Uber Technologies is offering data from trips on its ride-hailing platform to city officials, planners and policymakers to help them better understand traffic patterns and improve investments in infrastructure.
The move will likely win Uber goodwill with city officials, even as the company has resisted other bids for data by some cities. New York, for example, wants to collect trip records from vehicles on hire to monitor adherence to driver fatigue regulations, which Uber has rejected citing individual privacy issues.
Some of the data collected by Uber over 2 billion trips across 450 cities will be provided under the new program, called Movement. However, the data will be “anonymized and aggregated into the same types of geographic zones that transportation planners use to evaluate which parts of cities need expanded infrastructure, like Census Tracts and Traffic Analysis Zones (TAZs),” Jordan Gilbertson, Uber’s product manager and Andrew Salzberg, head of transportation policy, wrote in a blog post Sunday.
Other ride-hailing companies have also offered data to planners. Cooperation with city planners could ensure that the ride-hailing concept gets more firmly entrenched in urban transport planning.
Easy Taxi, which started operations in Latin America, Grab in Southeast Asia and French operator Le.Taxi in December joined a partnership with the World Bank and other organizations to make traffic data derived from their drivers’ GPS streams available under an open data license.
Uber has set up a website for providing the information. Access to the data on the website will be on invitation initially, though the company promises to make it available freely to the public soon. The insights on the Movement website are available under the Creative Commons, Attribution Non-Commercial license, which would restrict the use of the data for commercial purposes.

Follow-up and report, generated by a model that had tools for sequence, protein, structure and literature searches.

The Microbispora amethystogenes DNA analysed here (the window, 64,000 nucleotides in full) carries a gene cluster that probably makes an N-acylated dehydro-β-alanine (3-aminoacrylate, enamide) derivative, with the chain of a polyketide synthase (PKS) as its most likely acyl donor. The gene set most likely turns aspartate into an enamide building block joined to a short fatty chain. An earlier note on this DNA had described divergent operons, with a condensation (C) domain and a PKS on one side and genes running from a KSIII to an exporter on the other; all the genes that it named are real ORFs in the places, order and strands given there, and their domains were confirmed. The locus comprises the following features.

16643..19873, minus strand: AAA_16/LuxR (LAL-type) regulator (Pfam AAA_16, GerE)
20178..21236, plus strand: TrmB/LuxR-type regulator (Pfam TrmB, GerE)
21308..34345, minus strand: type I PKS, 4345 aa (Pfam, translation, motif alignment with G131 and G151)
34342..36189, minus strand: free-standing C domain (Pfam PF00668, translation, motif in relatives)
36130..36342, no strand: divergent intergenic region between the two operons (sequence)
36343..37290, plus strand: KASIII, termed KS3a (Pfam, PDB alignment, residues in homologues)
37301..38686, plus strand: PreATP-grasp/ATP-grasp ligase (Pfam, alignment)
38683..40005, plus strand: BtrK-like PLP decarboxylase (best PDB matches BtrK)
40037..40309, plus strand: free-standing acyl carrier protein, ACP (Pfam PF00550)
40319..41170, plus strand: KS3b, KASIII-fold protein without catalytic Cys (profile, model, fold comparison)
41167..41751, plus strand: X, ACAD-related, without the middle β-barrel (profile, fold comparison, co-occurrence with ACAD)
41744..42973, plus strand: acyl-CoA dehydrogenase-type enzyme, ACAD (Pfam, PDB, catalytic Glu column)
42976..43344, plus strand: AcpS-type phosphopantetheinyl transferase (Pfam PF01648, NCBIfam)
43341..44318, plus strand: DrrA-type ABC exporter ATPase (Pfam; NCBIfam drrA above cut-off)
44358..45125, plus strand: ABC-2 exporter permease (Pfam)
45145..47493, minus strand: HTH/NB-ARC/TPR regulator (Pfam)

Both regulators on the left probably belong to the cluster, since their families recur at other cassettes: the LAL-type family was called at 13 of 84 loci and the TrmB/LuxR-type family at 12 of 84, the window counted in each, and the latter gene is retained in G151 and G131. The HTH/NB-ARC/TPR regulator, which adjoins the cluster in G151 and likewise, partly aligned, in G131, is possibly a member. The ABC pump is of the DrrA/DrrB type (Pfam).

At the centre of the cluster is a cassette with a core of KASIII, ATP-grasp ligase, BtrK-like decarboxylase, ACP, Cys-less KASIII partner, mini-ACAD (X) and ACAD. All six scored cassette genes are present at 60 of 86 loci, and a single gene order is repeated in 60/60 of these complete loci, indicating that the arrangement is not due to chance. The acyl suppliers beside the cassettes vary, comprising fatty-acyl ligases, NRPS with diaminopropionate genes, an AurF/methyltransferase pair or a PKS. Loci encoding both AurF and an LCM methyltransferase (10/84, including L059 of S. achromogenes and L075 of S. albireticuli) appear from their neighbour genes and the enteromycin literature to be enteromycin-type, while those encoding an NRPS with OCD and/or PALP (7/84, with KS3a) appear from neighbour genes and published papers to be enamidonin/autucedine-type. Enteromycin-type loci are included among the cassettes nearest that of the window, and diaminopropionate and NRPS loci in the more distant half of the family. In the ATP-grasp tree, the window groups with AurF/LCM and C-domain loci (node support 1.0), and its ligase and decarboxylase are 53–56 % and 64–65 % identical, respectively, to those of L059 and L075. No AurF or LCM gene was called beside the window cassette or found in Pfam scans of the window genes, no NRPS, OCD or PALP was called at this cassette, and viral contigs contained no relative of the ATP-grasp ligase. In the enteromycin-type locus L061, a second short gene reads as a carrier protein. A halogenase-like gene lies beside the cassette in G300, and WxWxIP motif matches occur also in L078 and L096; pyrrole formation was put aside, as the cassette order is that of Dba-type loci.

“Since Uber is available 24/7, we can compare travel conditions across different times of day, days of the week, or months of the year—and how travel times are impacted by big events, road closures or other things happening in a city,” the executives wrote.
The concept of sharing aggregated data with cities is already being tried by Uber in Australia, where it has tied with Infrastructure Partnerships Australia to measure the performance of transport systems. Data from Uber was also used to analyse the impact of the Metrorail outage in Washington, D.C., on March 16 last year on congestion citywide during the evening commute hours, and was used to analyze travel conditions during the 2015 holiday season in Manila.
Uber’s provision of data to local authorities is likely to come under close scrutiny by consumer groups who have in the past complained about the company’s collection of user data. In December last year, the company said it would collect location data “from the time you request a trip until . . . up to five minutes after the driver ends a trip, even if the Uber app is in the background.” Users can, however, opt out from the monitoring.